Artificial limbs, including the most complex of them – the human hand – are getting more life-like and useful due to constant advances in tiny hydraulic, pneumatic and electric motors called actuators. But now, as VOA’s George Putic reports, scientists in Germany say the future of the prosthetic hand may lie not in motors but in wires that can ‘remember’ their shape.
Video

Video Russia Accused of Abusing Interpol to Pursue Opponents

A British pro-democracy group has accused Russia of abusing the global law enforcement agency Interpol by requesting the arrest and extradition of political opponents. A new report by the group notes such requests can mean the accused are unable to travel and are often unable to open bank accounts. VOA's Henry Ridgwell reports.
Video

Video 'Positive Atmosphere' Points Toward TPP Trade Deal in Hawaii

Talks on a major new trade agreement among 12 Pacific Rim nations are said to be nearing completion in Hawaii. Some trade experts say the "positive atmosphere" at the discussions could mean a deal is within reach, but there is still hard bargaining to be done over many issues and products, including U.S. drugs and Japanese rice. VOA's Jim Randle reports.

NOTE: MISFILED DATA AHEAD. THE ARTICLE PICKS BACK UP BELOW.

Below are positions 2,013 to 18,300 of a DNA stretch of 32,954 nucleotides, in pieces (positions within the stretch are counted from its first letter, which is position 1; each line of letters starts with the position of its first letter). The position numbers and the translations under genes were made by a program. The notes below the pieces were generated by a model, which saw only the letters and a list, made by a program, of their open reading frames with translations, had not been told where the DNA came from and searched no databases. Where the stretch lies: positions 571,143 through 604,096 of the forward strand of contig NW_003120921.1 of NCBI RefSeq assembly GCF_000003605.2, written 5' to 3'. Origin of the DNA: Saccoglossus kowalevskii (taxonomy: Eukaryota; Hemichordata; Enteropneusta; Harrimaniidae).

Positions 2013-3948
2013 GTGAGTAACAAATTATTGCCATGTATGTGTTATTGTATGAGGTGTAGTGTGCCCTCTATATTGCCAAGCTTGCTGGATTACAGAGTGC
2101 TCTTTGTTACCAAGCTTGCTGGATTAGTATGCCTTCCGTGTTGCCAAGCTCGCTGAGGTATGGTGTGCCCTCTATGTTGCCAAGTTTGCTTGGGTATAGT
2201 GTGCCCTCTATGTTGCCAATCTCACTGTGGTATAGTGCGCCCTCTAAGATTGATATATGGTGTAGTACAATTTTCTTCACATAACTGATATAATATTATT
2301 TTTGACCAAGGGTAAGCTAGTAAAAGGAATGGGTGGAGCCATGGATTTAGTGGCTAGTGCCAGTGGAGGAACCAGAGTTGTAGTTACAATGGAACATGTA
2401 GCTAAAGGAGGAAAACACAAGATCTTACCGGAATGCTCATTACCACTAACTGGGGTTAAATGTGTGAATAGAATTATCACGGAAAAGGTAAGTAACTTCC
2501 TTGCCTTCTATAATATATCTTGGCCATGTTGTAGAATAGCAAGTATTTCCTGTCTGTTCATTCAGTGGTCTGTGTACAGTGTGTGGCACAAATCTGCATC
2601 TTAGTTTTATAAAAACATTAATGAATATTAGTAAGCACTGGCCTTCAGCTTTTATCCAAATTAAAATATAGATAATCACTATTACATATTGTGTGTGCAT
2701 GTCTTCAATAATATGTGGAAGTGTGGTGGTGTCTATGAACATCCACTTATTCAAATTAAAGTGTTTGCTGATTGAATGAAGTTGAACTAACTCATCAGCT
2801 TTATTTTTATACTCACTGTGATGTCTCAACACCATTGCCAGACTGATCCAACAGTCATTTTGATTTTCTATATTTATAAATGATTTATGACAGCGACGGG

Video

Video Genome Initiative Urgently Moves to Freeze DNA Before Species Go Extinct

Earth is in the midst of its sixth mass extinction. The last such event was caused by an asteroid 66 million years ago. It killed off the dinosaurs and practically everything else. So scientists are in a race against time to classify the estimated 11 million species alive today. So far only 2 million are described by science, and researchers are worried many will disappear before they even have a name. VOA’s Rosanne Skirble reports.
Video

Video Scientists: One-Dose Malaria Cure is Possible

Scientists have long been trying to develop an effective protection and cure for malaria - one of the deadliest diseases that affects people in tropical areas, especially children. As the World Health Organization announces plans to begin clinical trials of a promising new vaccine, scientists in South Africa report that they too are at an important threshold. George Putic reports, they are testing a compound that could be a single-dose cure for malaria.
Video

Video 'New York' Magazine Features 35 Cosby Accusers